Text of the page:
With bus fees for Calgary students
 potentially doubling,
CAPSC calls for additional transportation funding


CAPSC requests that the CBE invest in the technology and training recommended in the independent technical review, and that Alberta Learning provide additional short-term funding to support transportation of special needs students in the CBE system.

Improving public consultation on issues affecting Alberta’s largest public school system is a step in the right direction. Recently, the CBE brought forward six possible scenarios to manage thegap in transportation funding, with cost to parents ranging from the existing $300 up to $750 per student.

All of the scenarios were designed to fit the limitations of budget allotted to transportation. As a result, all compromise service or require higher fees from families, but provide minimal benefit. If one of these models is implemented, we anticipate that even more families will choose to drive, reducing the number of students paying into the system and making it even less viable. Traffic congestion and impact on the environment will continue.

The CBE has an annual $1.3 billion budget, and plans to use $48 million on transportation next year. The provincial funding model earmarks $35 million for this purpose, so $13 million is needed to bridge the difference between the funding model and actual cost. As parents already pay $8 million with existing transportation fees, an additional $5 million will be required to maintain the current standard, which many families do not find adequate. This is more than double the $2.2 million that the CBE estimated to restore congregated stops last September.

In an April survey, parents clearly indicated their two top priorities – reducing walk distances to bus stops for younger students, as well as the amount of time spent on the bus. Yet only one of the new scenarios reduces the walk distance for younger children, but increases potential ride time to 1.5 hours.

It is clear that more funding and new strategies for transportation are required.

First, we encourage the CBE to continue working towards creating better service. The independent technical review identified gaps in appropriate technology and planning tools, which we understand that the CBE is moving to correct. It is unfortunate that the analysis did not outline reasons why some of the CBE’s busing proposals are so much more expensive than other Calgary or Edmonton major school boards. We would expect that the cost of transportation should drop if efficiencies are found and when schools open next year.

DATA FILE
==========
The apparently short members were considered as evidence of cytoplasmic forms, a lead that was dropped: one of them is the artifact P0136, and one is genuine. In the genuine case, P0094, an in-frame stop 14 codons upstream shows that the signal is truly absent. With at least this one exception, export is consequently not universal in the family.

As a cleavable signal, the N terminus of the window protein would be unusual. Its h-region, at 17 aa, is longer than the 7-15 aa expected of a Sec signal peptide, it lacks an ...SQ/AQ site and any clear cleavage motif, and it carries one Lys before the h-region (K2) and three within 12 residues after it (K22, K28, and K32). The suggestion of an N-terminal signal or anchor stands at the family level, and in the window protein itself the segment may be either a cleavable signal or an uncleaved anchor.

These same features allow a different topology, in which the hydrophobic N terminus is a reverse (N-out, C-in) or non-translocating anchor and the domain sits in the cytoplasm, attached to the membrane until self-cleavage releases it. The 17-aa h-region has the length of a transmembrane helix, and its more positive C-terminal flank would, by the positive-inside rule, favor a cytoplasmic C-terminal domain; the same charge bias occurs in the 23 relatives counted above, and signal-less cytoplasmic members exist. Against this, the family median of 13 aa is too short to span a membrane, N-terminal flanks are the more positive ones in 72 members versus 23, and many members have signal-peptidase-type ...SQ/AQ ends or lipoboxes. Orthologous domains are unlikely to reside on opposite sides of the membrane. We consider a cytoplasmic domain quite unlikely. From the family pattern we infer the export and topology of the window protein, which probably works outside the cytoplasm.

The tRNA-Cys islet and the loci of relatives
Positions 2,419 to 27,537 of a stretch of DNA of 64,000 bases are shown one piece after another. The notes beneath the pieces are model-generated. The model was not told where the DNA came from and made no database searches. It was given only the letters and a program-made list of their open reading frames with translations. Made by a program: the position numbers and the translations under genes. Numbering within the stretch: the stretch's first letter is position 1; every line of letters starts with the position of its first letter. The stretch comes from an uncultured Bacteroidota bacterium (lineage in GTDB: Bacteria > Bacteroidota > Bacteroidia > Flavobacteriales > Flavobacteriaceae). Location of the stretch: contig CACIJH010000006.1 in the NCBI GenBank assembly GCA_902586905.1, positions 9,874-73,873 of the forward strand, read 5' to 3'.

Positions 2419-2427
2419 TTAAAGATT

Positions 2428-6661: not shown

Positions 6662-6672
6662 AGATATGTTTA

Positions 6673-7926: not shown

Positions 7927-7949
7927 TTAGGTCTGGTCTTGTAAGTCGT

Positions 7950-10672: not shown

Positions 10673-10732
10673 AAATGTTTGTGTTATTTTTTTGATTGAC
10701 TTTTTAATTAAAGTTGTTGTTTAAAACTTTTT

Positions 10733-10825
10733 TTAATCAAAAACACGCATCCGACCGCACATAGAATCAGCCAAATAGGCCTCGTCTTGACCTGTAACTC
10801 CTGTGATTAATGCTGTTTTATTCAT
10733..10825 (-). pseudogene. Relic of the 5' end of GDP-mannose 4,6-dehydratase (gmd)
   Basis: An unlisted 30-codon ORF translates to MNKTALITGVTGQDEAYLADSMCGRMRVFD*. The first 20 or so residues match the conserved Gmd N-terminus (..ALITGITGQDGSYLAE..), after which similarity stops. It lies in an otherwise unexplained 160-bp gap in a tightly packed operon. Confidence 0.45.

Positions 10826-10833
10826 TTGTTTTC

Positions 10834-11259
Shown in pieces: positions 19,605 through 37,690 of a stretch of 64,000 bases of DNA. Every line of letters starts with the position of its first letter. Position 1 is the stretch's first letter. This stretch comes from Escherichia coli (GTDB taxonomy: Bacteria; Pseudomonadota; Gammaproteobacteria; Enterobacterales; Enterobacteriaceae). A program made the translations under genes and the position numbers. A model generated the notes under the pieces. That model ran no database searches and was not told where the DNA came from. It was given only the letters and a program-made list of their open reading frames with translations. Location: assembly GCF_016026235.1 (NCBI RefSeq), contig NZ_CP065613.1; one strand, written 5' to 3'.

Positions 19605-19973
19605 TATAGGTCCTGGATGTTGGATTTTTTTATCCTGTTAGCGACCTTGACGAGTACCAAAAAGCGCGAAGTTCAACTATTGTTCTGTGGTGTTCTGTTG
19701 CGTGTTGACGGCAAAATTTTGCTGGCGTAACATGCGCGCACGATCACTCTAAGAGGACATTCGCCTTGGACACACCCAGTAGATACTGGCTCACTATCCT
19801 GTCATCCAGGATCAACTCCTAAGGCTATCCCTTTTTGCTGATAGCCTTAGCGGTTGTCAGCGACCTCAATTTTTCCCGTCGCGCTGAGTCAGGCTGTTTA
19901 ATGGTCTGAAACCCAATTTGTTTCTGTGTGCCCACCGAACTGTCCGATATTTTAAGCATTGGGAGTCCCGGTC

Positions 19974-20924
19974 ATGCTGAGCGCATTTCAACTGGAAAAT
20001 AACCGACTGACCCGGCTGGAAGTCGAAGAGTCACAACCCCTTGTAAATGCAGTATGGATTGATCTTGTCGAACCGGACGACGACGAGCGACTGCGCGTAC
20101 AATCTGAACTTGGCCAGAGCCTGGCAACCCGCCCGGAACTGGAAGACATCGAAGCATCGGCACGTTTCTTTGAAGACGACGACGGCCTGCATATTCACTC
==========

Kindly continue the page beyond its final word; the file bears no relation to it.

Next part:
As CAPSC executive outlined in our September 2015 meeting with Education Minister David Eggen, a high proportion of the cost of transportation applies to assisting the 2000 special needs students in the CBE system.

History shows that special needs busing has required more support, with costs increasing from $12.7 million to $16.7 million (32 percent) over three years. During the same period, the cost of regular and alternative program busing was reduced by almost $3 million, from $25 million to $22.3 million.

As CAPSC stated last fall, we can all agree that supporting these vulnerable students is a priority. However, surely we can also agree that all students require age-appropriate walk distances that reflect the reality of our winters. Most of the scenarios now being considered require that kindergarten to Grade 4 students walk 1.6 km to a yellow bus stop – significantly longer than the distance an adult would to catch a Calgary Transit bus and four times further than other metro school boards.

Our current government made an election promise to reduce education fees to parents. Yet  transportation fees seem likely to increase in the CBE system, where parents already pay double the average in school fees.

Providing quality transportation services for Calgary’s children is not optional. All children must reach the classroom safely and efficiently in order to learn.

Currently there is not sufficient capacity in Calgary’s outlying schools. Alternative programs serve the system by helping to fill empty schools in the inner city. According to the FOIP documents prepared for trustees, the average cost for regular and alternative program busing was $875 per rider.

Maintaining these programs allows the CBE to better meet individual learning needs of students, which has been outlined as a priority in education. It would be a shame to see alternative programs become elitist if affordability becomes an issue. Given that most are second-language programs, and the government is now focused on diversification of Alberta’s economy, certainly we can see the value of having our citizens being able to function fluently in more than one language on the global stage. If a child leaves a language program due to limited family funds, it is challenging to return.

We ask the Minister to provide additional funding for the 2000 special needs students in Calgary’s system, even if only in the short term as the CBE researches possible efficiencies. This funding would directly benefit the 26,000 students taking yellow buses. It would also demonstrate a commitment to supporting family budgets, solving traffic problems, reducing impact on the environment, and most importantly – putting students first.

We trust that Alberta Education agrees that continuing to raise fees and decrease service is not reasonable in a publicly funded education system, especially during this financially challenging time. We expect the Minister will remain involved in this situation to ensure Calgary’s public students receive adequate service at a reasonable cost.

Wherever the funding comes from, let’s not leave Calgary’s kids out in the cold.